The delivery of healthcare services by pharmacy could lead to a cost saving for the NHS of over £470 million per annum if they were rolled out to 11,100 pharmacies across England, according to new research. The findings from the Community Pharmacy Future (CPF) project – a collaboration between Boots UK, The Co-operative Pharmacy, LloydsPharmacy and Rowlands Pharmacy – provides new evidence to demonstrate how pharmacy can support patients, and in particular those with long-term health conditions.

The CPF project consisted of three pilots:
  • A Four or More Medicines Support Service in Wigan, which targeted patients over 65 years taking four or more medicines
  • A chronic obstructive pulmonary disease (COPD) Case Finding Service in the Wirral which aimed to identify patients with undiagnosed COPD for earlier interventions
  • A COPD Support Service in the Wirral, which provided support to patients to get the most from their medicines through improved understanding, adherence and technique
  • The services were designed and implemented to meet the needs of patients who are generally high users of NHS resources and may not be getting optimal benefits from medicines. 

John Nuttall, Managing Director, The Co-operative Pharmacy, comments: “Every day, millions of patients in England often take multiple medicines to manage long-term health conditions. Supporting these patients so that they understand and get the best from their medicines is one of the biggest challenges facing the NHS as the population ages. Community pharmacy can play an important role in supporting patients and working alongside other healthcare professionals in optimising the use and prescribing of medicines. The Community Pharmacy Future project has delivered robust evidence of the health economic and patient outcomes benefits from services delivered through community pharmacies and we are asking for these services to be commissioned from all pharmacies, so all patients and the NHS, can enjoy the benefits they offer.”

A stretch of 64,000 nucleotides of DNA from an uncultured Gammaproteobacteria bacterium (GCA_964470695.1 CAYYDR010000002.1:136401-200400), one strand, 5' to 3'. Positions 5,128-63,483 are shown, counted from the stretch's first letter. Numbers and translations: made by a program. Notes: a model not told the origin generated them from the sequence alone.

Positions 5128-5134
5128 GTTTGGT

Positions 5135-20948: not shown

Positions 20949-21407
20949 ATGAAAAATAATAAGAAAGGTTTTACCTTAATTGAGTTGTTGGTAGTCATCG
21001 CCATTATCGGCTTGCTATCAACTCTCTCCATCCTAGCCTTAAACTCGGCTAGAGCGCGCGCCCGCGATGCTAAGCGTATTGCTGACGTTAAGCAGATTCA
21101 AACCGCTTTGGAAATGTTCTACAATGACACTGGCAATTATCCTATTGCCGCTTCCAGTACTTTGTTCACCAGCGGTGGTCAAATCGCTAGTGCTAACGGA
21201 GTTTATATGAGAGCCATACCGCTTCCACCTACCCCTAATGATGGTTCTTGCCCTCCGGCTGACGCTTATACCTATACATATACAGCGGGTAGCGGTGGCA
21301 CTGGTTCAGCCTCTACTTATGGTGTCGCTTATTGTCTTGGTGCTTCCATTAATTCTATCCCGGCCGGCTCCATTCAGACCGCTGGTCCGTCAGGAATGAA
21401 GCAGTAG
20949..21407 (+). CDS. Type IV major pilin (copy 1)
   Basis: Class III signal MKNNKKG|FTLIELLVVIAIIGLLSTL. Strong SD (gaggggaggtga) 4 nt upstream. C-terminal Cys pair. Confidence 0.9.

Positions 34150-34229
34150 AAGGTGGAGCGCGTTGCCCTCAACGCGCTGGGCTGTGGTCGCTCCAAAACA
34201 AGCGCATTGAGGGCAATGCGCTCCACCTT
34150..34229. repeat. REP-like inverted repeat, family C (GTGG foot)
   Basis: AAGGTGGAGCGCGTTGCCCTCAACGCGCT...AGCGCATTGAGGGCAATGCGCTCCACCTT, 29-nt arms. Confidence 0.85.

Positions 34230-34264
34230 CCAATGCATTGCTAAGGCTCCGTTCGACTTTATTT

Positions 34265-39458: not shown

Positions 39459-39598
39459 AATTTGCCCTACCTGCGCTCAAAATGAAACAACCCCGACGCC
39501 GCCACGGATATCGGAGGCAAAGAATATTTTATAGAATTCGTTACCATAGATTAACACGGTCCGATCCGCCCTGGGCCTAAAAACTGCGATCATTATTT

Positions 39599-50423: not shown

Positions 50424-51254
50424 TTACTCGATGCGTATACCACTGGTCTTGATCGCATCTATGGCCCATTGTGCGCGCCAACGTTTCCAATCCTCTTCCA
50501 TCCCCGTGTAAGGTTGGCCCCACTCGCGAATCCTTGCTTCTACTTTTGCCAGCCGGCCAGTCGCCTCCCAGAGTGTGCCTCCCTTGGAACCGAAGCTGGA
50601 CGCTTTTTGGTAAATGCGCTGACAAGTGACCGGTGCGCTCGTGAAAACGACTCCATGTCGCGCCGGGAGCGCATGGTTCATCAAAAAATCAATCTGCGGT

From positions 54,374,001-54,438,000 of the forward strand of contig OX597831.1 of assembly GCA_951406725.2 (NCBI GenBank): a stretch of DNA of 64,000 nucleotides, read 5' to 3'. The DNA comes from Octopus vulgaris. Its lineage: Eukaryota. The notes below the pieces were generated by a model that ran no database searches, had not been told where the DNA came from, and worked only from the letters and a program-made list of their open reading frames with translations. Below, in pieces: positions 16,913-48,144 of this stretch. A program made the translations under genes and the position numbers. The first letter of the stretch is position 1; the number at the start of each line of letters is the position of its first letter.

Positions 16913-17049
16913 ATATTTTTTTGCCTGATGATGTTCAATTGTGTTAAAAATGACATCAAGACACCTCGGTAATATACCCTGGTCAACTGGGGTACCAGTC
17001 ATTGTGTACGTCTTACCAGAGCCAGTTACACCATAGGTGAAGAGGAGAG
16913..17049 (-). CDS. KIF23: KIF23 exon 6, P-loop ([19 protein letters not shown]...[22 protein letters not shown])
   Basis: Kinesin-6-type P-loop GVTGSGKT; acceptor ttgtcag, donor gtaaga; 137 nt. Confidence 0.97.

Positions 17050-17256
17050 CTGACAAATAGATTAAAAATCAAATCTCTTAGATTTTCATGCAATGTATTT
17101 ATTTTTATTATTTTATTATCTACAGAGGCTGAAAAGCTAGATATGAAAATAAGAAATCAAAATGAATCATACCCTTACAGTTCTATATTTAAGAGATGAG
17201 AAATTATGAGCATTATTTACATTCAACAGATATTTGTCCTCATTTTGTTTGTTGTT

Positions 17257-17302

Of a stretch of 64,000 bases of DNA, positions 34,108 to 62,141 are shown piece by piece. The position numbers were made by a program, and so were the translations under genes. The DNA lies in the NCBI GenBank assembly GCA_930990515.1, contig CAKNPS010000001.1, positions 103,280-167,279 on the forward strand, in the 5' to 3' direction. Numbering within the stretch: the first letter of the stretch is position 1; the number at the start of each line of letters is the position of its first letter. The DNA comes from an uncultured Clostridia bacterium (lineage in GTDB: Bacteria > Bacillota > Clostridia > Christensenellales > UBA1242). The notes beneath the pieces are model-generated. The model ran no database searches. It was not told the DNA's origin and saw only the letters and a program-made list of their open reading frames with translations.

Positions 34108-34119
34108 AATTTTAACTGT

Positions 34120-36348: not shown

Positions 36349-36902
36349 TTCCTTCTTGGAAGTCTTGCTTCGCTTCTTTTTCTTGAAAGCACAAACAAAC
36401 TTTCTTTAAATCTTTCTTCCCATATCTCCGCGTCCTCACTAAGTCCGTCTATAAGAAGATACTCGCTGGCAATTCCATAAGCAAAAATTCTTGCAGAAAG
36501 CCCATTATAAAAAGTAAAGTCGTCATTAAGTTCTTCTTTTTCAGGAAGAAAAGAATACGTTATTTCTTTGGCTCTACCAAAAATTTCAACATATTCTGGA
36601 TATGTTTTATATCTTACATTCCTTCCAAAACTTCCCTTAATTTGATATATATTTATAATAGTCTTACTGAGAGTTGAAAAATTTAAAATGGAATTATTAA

The Four or More Medicines Support Service pilot resulted in a significant increase in medicines adherence, a significant reduction in medical and self-treated falls and a significant increase in patient quality of life. If it were to be rolled out, it could result in £36 million per annum cost savings from reduced prescribing costs and hospital admissions as a result of adverse drug reactions, and £34 million per annum savings in hospital costs by reducing falls associated with fractures.

There are approximately 900,000 people diagnosed with COPD in England and a further 2.7 million people living with undiagnosed COPD. The COPD Case Finding Service pilot found that 57 percent of those screened were at risk of the condition and the research suggests that if rolled out, an annual benefit to the NHS could be £264 million from diagnosing patients earlier and a reduction in productivity costs. Additional lifetime savings from stopping smoking are estimated at £214.7 million.

The COPD Support Service results demonstrate a significant increase in medicines adherence, a reduction in overall NHS resource use by patients and a significant increase in patients’ quality of life. If the pilot were to be rolled out across England, the NHS could see annual benefits of £134.5 million, and societal benefits of £4.5 million per annum. Additional lifetime saving from stopping smoking are estimated at £86.3 million.

On behalf of NHS England, Chief Pharmaceutical Officer, Dr Keith Ridge CBE said: “These important projects demonstrate again how community pharmacy teams can contribute to both improving outcomes for patients and value for the NHS. NHS England’s Improving health and patient care through community pharmacy – a call to action is a unique opportunity for all to influence the shape of primary care in the years to come and the results of this work are very timely.”

The results of the CPF project have been submitted for publication in a peer-review journal, and hope to be published later this year.